So, the first thing our enemy does is change the game. “It isn’t about who you are, it’s about what you do.” This feels true to us. We are always concerned about our deeds, as well as our titles, possessions, associations, appearance and skill. These create a sense of value in us, and we may think that God is impressed by these as well. Conversely, if we have no title, have few possessions, associate with the wrong people, have a lousy body image, and can’t do anything useful—we have nothing to offer and therefore are of little value. Our value, if based on these outer things, is fragile and perishable. This is foolish, and yet we may believe that we are the things we have and what we do.
Getting us to focus our attention in the wrong place to assess our value and identity, the enemy’s next move is to tempt us into disobedience, when we already know the will of God. This used to be simple, when the rules and regulations of the Pharisees numbered over 500 edicts on human behavior. You could violate dozens of them without knowing or trying.
Christ came and made it far easier to know—if harder to do—the will of God. “Love the Lord thy God with all thy heart, and with all thy soul, and will all thy strength, and will all thy mind. And love thy neighbor as thyself.” Finally, at the Last Supper, He commanded us to “love one another as I have loved you.” You see, the will of God is not hard to know or to remember. You don’t need a booklet of 500 rules. You need to cultivate love and follow love wherever it leads. Love, not lust. Love, not need. Love, not avarice. Love, not cravings.
If that’s hard to work out, stop doing it with your mind. Let the Holy Spirit within you identify love when you have a choice to make. Which way is love? Ask Him. The answer will sometimes surprise you. Love can be tough. It can be strong, patient, counter-culture, and darned inconvenient and uncomfortable at times.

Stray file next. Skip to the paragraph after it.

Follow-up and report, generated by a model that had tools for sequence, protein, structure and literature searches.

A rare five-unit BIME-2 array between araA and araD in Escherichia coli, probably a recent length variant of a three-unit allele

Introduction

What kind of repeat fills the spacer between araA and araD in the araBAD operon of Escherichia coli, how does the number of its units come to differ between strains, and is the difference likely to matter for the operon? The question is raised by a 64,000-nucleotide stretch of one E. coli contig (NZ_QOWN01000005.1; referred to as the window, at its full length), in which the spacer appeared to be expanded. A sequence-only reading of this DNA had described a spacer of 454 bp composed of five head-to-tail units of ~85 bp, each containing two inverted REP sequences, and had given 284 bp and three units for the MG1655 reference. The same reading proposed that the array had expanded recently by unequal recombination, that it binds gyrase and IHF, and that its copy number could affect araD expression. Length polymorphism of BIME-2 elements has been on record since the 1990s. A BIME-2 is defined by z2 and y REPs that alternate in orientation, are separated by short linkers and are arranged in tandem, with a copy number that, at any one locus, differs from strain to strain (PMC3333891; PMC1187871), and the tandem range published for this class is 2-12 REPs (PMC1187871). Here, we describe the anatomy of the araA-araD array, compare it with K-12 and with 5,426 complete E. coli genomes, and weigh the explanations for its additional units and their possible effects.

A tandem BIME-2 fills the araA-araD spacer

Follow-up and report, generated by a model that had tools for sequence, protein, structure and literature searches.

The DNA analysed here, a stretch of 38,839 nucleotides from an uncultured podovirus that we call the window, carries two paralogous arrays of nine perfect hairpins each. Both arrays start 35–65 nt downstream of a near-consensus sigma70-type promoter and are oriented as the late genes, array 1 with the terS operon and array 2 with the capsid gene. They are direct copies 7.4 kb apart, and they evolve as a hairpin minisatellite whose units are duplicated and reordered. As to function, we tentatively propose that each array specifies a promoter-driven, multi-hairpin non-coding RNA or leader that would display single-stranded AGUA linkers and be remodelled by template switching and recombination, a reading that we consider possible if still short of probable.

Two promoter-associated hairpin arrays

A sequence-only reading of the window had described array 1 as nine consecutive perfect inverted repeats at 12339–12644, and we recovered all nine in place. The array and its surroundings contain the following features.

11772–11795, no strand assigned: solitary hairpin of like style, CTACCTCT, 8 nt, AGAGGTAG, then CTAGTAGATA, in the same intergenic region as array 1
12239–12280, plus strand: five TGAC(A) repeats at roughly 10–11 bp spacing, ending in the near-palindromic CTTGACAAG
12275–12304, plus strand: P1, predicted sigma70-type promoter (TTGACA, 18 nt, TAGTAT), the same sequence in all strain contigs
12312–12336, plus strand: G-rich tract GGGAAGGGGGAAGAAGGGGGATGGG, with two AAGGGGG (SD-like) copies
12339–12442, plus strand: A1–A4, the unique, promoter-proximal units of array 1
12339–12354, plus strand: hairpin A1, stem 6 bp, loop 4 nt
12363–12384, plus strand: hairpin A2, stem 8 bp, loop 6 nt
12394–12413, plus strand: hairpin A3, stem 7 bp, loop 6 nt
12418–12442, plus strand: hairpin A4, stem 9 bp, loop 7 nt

What does the enemy want to trick you into doing instead? It’s an old word but a useful one. Sin—an old-fashioned concept, it sounds as quaint as the word Repent. What do these mean? Sin means going away from God. Repent means coming back to God. It really isn’t complicated. All sin leads away. Repentance is turning around and returning to Him. But we get this all fouled up when our flesh cries out for something over there. St. Peter called it fleshly lust. Let’s see what that is.
The world, the flesh and the devil are against us, and lead us to sin. The world is mankind arrayed against God, and it invents thousands of things for us to pay more attention to than to Him. A simple computer can erode your relationship with God by being more interesting and offering more fun than you have in prayer, at Bible reading or at church. TV, fashions, pornography, alcohol and drugs, gambling, sports, race cars: it’s all for sale and we are bombed daily with the ads. The world is Madison Avenue, Hollywood, Wall Street and Playboy. The world is Babylon. Always open for business: 7 deadly sins, one convenient location.
The devil, we already spoke of.
The flesh is our innate weakness that responds to the call from the devil or the world. Part of us likes sin. Something in us feels like this time it will be good. Never mind that last time we ended up in the gutter, guilt-ridden and conscience-sore, ashamed of ourselves and fearful of anyone finding out. This is the enemy’s primary game.